A Tale of Acoustics and Whales in San Francisco

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Acoustical Society of America (ASA) Meeting

December 2, 2013 to December 6, 2013

San Francisco, California

Meeting host:

Acoustical Society of America


Catherine Miller

SPS Chapter:

As an undergraduate sophomore, I had never attended an academic conference before the 166th ASA Meeting. Luckily, at Rhodes College, a small liberal arts school in Memphis, TN, all students have the opportunity to do research beginning in their freshmen year. I began research on an ultrasonic assessment of bone density during the second semester of my freshman year, and then spent half the summer of 2013 in the lab with another student, Morgan Smathers, continuing that research. As my project concluded, my research advisor suggested that Morgan and I apply to present posters at the ASA conference. On a whim, we did, and then we did not really think about it again.

As the summer was coming to a close, an acceptance e-mail arrived. “Dear Catherine Miller,” began the text, “it is our pleasure to inform you that your abstract…has been accepted for lecture presentation…”  I immediately texted Morgan and asked her whether we applied for poster sessions or lecture presentations.  Morgan confirmed we had applied for posters, but jokingly suggested our abstracts were too good.  I excitedly agreed with her, but we had a major issue to overcome—the conference was scheduled during finals week. Long story short, we made it happen!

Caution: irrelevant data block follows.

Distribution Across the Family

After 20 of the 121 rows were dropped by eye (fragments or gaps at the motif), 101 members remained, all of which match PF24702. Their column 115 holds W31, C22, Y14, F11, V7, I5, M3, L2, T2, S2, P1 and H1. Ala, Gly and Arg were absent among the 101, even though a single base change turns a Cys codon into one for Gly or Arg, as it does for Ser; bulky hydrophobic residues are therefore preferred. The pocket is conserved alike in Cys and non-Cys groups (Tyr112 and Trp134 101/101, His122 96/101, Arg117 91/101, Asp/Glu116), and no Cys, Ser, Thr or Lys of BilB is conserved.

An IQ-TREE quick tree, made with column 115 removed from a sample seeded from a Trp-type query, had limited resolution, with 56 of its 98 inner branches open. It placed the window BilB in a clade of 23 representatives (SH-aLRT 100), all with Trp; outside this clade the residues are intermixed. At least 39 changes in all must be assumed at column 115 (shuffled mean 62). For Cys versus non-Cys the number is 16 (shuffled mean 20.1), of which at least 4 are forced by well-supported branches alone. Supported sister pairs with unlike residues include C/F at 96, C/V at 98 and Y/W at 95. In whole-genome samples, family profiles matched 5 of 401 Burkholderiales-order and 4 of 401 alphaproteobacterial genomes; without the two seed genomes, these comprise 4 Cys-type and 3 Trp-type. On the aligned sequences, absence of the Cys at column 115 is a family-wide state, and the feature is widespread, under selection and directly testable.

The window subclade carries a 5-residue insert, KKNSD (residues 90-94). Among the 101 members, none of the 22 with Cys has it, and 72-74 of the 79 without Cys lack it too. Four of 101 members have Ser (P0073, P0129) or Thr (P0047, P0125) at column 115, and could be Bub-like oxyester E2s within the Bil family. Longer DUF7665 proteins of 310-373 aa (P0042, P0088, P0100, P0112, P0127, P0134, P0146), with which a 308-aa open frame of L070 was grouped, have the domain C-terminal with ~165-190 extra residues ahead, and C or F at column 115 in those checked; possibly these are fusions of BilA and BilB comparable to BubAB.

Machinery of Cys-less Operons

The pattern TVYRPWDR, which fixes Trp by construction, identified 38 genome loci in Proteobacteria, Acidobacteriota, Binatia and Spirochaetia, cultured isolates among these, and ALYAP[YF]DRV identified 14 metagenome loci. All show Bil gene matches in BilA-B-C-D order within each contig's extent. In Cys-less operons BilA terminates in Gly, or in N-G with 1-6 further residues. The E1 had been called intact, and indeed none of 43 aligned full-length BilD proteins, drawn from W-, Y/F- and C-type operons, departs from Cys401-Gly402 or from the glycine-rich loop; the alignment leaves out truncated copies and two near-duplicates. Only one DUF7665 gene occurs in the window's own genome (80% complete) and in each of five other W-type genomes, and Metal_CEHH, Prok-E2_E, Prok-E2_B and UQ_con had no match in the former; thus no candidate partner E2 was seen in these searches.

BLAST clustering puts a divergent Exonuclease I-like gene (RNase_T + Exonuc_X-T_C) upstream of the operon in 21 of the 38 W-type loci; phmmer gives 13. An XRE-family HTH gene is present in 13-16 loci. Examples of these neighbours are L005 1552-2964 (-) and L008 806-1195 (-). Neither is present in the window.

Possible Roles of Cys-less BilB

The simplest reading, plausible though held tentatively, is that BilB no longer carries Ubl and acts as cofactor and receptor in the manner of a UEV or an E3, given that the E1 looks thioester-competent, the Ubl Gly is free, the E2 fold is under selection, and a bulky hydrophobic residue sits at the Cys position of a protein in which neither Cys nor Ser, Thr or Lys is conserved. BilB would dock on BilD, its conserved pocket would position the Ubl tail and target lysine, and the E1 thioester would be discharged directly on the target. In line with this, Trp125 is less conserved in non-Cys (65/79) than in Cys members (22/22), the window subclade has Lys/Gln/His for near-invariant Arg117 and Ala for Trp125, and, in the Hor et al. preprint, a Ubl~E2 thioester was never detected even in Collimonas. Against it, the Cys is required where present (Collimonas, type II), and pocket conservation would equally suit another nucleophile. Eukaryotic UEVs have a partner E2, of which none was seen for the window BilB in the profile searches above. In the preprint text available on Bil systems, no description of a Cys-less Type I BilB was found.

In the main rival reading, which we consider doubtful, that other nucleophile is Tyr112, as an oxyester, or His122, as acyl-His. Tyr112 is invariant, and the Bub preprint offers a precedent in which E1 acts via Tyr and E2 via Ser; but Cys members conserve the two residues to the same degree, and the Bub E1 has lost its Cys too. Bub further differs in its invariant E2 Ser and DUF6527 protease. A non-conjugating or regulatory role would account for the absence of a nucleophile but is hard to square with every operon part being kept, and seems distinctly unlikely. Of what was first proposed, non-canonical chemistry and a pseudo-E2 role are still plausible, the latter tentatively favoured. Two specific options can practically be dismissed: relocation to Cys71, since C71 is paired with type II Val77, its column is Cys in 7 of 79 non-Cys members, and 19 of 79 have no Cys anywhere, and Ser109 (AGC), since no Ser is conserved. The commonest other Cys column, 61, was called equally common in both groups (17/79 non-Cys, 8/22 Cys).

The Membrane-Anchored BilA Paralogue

The evening before the 166th Meeting of the Acoustical Society of America, Morgan and I collapsed on our respective hotel beds, jet-lagged like never before, and rested our feet after spending the better part of a day in airplanes from Ohio and South Carolina. As Morgan skimmed through the meeting program she read talk titles aloud and waited for me to say ‘yay’ or ‘nay’. After four titles about whales in a session on acoustic monitoring of marine mammals, we laughed at how many there were. “We should just stay for that whole session, it looks like the most interest—Wait,” Morgan proclaimed, “actually, there is another session on bubble detection at the same time. We really should go to that…”

We woke around 6 AM the first day of the conference. Still groggy and jet-lagged, we ate breakfast at a small convenience store in lieu of waiting 2 hours at the hotel Starbucks. Afterwards, we trooped back to the registration hall, picked up our name tags and student packets, and then found the Monitoring of Marine Mammals room at 7:59 AM. Thus began the first day of the conference.

Miraculously, there were two open seats next to each other in the tiny room. There were maybe forty chairs total, laid out so tightly there was barely any room to walk. Before we even sat down more attendees followed us in, pressing against the back wall and trying not to get in the way of the door. What struck me first was the number of women in the room. I expected a predominantly male conference, but the majority of people in the room were female. I felt this bode well for the rest of my time at the meeting and it eased my nerves a bit­­­—particularly after noticing a woman with impressively purple hair. Clearly, acousticians weren’t as stuffy as I’d thought. I almost began to regret bringing such formal attire.